It goes on, “for example, in 2012, a co-worker discovered Swafford masturbating in his office with a female student’s garment wrapped around his face.” Despite the co-workers report of the incident to the principal, nothing was done, the suit alleges.
At the time of that incident, a post on social media warned that Swafford was “chasing little girls all over the school” and engaging in sexual conduct with girls as young as 15, the lawsuit says. It maintains Swafford used inappropriate sexual comments and had inappropriate sexual contact on school grounds, which was observed by school administrators and recorded on video surveillance cameras.
Swafford began hosting “parties” at his home around 2015, when he was awarded custody of his teenage daughter, the suit says. Parents, who were unaware of allegations directed toward the man, felt “safe” allowing their children to attend since he was a school employee.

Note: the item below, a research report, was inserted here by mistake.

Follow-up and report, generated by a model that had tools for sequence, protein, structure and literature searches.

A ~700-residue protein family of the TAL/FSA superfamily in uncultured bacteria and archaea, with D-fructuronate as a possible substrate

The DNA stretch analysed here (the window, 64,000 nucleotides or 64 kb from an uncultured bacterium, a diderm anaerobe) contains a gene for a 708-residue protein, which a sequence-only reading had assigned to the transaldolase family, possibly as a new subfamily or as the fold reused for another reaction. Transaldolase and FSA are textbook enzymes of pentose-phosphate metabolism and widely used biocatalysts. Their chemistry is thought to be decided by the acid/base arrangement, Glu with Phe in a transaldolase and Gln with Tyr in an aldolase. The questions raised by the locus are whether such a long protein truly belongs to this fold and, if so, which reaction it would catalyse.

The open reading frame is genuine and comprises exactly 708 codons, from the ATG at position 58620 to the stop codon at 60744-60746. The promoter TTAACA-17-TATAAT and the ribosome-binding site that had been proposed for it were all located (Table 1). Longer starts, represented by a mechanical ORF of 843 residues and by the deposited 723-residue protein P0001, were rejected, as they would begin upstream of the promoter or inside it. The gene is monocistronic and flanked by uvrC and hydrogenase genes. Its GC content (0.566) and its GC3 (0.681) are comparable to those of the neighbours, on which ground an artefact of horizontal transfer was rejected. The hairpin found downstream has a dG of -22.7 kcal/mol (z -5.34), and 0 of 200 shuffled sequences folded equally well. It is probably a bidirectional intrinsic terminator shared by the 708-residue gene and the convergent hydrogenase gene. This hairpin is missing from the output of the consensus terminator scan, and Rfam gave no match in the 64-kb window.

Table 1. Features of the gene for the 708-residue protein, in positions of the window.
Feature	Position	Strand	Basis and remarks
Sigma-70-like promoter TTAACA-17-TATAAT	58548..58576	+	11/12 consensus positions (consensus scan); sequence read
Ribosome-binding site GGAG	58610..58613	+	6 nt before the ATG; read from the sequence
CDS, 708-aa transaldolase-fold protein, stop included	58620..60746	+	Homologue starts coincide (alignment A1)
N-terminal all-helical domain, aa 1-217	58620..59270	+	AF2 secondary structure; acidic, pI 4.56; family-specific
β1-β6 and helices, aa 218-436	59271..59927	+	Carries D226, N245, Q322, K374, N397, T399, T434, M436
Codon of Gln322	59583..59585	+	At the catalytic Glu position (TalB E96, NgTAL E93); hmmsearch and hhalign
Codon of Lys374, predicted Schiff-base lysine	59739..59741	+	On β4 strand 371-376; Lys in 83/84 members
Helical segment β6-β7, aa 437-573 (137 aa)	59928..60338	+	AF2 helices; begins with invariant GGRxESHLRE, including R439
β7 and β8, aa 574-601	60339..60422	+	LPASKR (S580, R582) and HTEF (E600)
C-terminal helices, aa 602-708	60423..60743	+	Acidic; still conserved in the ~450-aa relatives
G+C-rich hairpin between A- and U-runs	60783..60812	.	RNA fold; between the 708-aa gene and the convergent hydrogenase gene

“Soon,” the suit maintains, “bacchanalian weekend parties fueled by drugs and alcohol were an every-weekend occurrence in Swafford’s home, and an open secret among the BHS faculty and administration.”
The suit alleges a count of violation of due process, under the 14th constitutional amendment; a violation of Title IX of the Educational Amendments of 1972; a violation of Kentucky’s prohibition against sex discrimination under any education program receiving state aid; negligence per se against the superintendent and principal; negligence by the two officials; and civil battery against Swafford.
The plaintiff is asking for a trial by jury; judgment against the defendants for compensatory damages, court costs, interest, expenses and attorney’s fees; and unspecified punitive damages.